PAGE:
White Water Rafting in Squamish, British Columbia


Canada / Tuesday, July 31st, 2018
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If you’ve ever been to Squamish you’ll agree that there is no shortage of activities to do in the summer. From the third week of April until the end of September, Canada has prime white water rafting conditions. This is especially true in British Columbia, focusing on Vancouver, Whistler and of course Squamish. The town of Squamish was created around the main rivers which flow from the melting snow on the Coast Mountains, meaning the water is a chilly three degrees. So fresh and pure you can drink straight from the source itself.

 

White water rafting is an activity a variety of ages can enjoy. It is the perfect adventure for families as there are rivers with weaker level 1-2 rapids. Rafting is also popular for team building and for someone like me who joined the trip solo. The Canadian Outback Rafting Company team and my fellow raft-mates were all so welcoming and really made me feel a part of the group. I joined their Wet & Wild Elaho Exhilarator rafting trip which is one of the Canadian Outback Rafting Company’s more popular excursions.

 

The day began at the Executive Suites Hotel & Resort where we checked in and met under a shaded picnic area out of the hot summer sun. As the group grew greater so did the anticipation. After everyone had arrived and settled we were greeted by JC who enthusiastically gave us a quick rundown on how the day would go and what we could and couldn’t bring with us. I recommend you wear your bathing suit ready to go. If you feel you may need extra layers, wear something tight and quick drying for underneath the wetsuit. Avoid cotton as this will make you colder. If you do this don’t forget to pack an extra set of dry clothes for afterwards!

JC took us through the order in which we needed to collect the clothing and accessories from the staff. I was sure I would forget something but the staff were more than happy to help out. Pointed in the direction of the change rooms, we picked up water booties and a wetsuit and wriggled into both. On the way out we each picked up a wetsuit jacket, helmet, life jacket and an optional outer jacket which I suggest you take as it’s much easier to cool down on the river than warm up. I opted for the helmet with the GoPro attachment so I could get some great footage. If you don’t have a GoPro, the Canadian Outback Rafting Company have some for rent and also a photographer who follows you down the river so you won’t miss out on taking home those awesome memories. I felt perfectly safe leaving my belongings in the change room as it is locked when the tour leaves. If you do have valuables you’re concerned about, either leave them at your accommodation, hidden away in your car or in the secure box provided which is locked in the locked change room for extra security. Bring some snacks and a water bottle for after the rafting as you will have built up quite an appetite. Keep in mind whatever you bring may roll around on the bus as it follows you down the river.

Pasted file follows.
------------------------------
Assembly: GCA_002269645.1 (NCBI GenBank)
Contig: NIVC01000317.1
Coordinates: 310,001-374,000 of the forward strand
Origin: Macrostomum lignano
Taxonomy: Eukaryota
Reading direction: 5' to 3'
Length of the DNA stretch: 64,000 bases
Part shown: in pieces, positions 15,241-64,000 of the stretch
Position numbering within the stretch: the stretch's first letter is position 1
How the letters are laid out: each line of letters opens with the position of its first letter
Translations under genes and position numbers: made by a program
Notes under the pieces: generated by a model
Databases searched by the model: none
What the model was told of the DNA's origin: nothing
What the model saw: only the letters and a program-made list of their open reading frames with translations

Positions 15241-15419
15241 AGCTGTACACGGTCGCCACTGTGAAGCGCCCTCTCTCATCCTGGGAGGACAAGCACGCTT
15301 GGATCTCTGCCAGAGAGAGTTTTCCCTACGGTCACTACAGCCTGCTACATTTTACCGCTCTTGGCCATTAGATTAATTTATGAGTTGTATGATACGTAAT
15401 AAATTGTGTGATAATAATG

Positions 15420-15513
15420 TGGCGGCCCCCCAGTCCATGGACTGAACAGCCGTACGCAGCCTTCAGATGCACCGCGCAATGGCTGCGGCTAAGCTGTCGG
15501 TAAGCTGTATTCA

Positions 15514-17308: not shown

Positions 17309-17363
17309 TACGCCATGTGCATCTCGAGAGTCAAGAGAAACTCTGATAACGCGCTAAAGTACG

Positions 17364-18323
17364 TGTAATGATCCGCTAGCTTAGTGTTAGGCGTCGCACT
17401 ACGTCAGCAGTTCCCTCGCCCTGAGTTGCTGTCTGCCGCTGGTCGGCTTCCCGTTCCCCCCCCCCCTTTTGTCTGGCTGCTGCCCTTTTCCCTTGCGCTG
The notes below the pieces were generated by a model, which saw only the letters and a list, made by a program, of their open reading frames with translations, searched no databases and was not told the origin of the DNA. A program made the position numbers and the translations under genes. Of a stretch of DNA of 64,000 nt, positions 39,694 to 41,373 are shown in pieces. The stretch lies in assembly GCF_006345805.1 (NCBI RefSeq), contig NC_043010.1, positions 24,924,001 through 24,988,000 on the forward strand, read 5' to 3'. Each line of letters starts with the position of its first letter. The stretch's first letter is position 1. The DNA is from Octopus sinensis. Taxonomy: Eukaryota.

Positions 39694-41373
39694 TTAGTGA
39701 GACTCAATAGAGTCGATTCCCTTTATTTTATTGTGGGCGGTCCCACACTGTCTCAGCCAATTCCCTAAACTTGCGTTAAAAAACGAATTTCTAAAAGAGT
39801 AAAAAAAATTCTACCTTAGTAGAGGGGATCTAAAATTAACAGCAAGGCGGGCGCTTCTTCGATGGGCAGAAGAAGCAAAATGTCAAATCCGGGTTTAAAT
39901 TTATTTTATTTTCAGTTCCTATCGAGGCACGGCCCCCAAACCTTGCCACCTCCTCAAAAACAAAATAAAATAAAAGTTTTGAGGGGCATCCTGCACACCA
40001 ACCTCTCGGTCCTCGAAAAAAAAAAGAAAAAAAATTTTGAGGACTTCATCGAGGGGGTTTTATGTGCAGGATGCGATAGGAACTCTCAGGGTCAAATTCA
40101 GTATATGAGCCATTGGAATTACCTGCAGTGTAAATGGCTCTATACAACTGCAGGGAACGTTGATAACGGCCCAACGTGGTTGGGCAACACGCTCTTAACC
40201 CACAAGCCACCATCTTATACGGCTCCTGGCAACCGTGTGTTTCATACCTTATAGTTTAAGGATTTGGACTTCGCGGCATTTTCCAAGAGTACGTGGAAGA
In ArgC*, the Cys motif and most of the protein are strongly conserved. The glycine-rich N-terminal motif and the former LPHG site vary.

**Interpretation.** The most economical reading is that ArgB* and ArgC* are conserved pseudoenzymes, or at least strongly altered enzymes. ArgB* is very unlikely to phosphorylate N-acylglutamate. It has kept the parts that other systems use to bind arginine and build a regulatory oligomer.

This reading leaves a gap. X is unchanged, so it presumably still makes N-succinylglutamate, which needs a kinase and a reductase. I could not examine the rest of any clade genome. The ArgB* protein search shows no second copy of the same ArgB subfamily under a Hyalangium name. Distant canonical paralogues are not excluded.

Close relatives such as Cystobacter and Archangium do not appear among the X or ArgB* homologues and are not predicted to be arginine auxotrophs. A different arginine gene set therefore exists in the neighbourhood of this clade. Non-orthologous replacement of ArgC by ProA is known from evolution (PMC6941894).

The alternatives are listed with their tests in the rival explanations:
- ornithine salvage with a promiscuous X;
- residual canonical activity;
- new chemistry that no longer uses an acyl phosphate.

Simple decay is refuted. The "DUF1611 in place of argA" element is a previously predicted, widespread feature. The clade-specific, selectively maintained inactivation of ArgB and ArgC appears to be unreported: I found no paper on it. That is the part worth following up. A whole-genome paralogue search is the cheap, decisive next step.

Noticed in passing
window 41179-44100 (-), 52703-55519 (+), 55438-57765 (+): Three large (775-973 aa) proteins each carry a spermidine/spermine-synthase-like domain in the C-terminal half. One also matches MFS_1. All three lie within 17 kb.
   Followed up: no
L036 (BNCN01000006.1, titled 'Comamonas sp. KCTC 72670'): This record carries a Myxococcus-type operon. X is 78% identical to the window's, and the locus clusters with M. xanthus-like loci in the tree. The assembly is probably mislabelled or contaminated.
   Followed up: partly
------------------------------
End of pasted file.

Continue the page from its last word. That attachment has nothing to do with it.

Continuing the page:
All geared up feeling like rafting warriors we loaded ourselves in to the classic yellow school bus and were on our way to the launch site. The hour long bus ride was an adventure in itself. Consisting mainly of a bumpy logging road, we spent the time getting to know each other by standing up, introducing ourselves and stating a fun fact. I’m actually a very shy public speaker so was quite nervous in the lead up to my turn, but the staff and passengers were all so supportive of each other I had no trouble. Even though the ride was long it was enjoyable as the crew all had an infectious sense of light-hearted humour to keep us amused.

 

At the launching point you will have an opportunity to use nature’s bathroom among the trees. We then were all given a paddle, split up in to teams of 7-8 people and given a quick but serious briefing by JC while the staff unloaded the rafts. I was introduced to my raft guide, Will, who has been with the company 7 years. Calmly and confidently he took our group through the detailed safety demonstration and showed us the commands we needed to know to get ourselves down the river. They were simple to understand but we practiced until we executed them seamlessly. It was then time to push off from the shore and begin the adventure.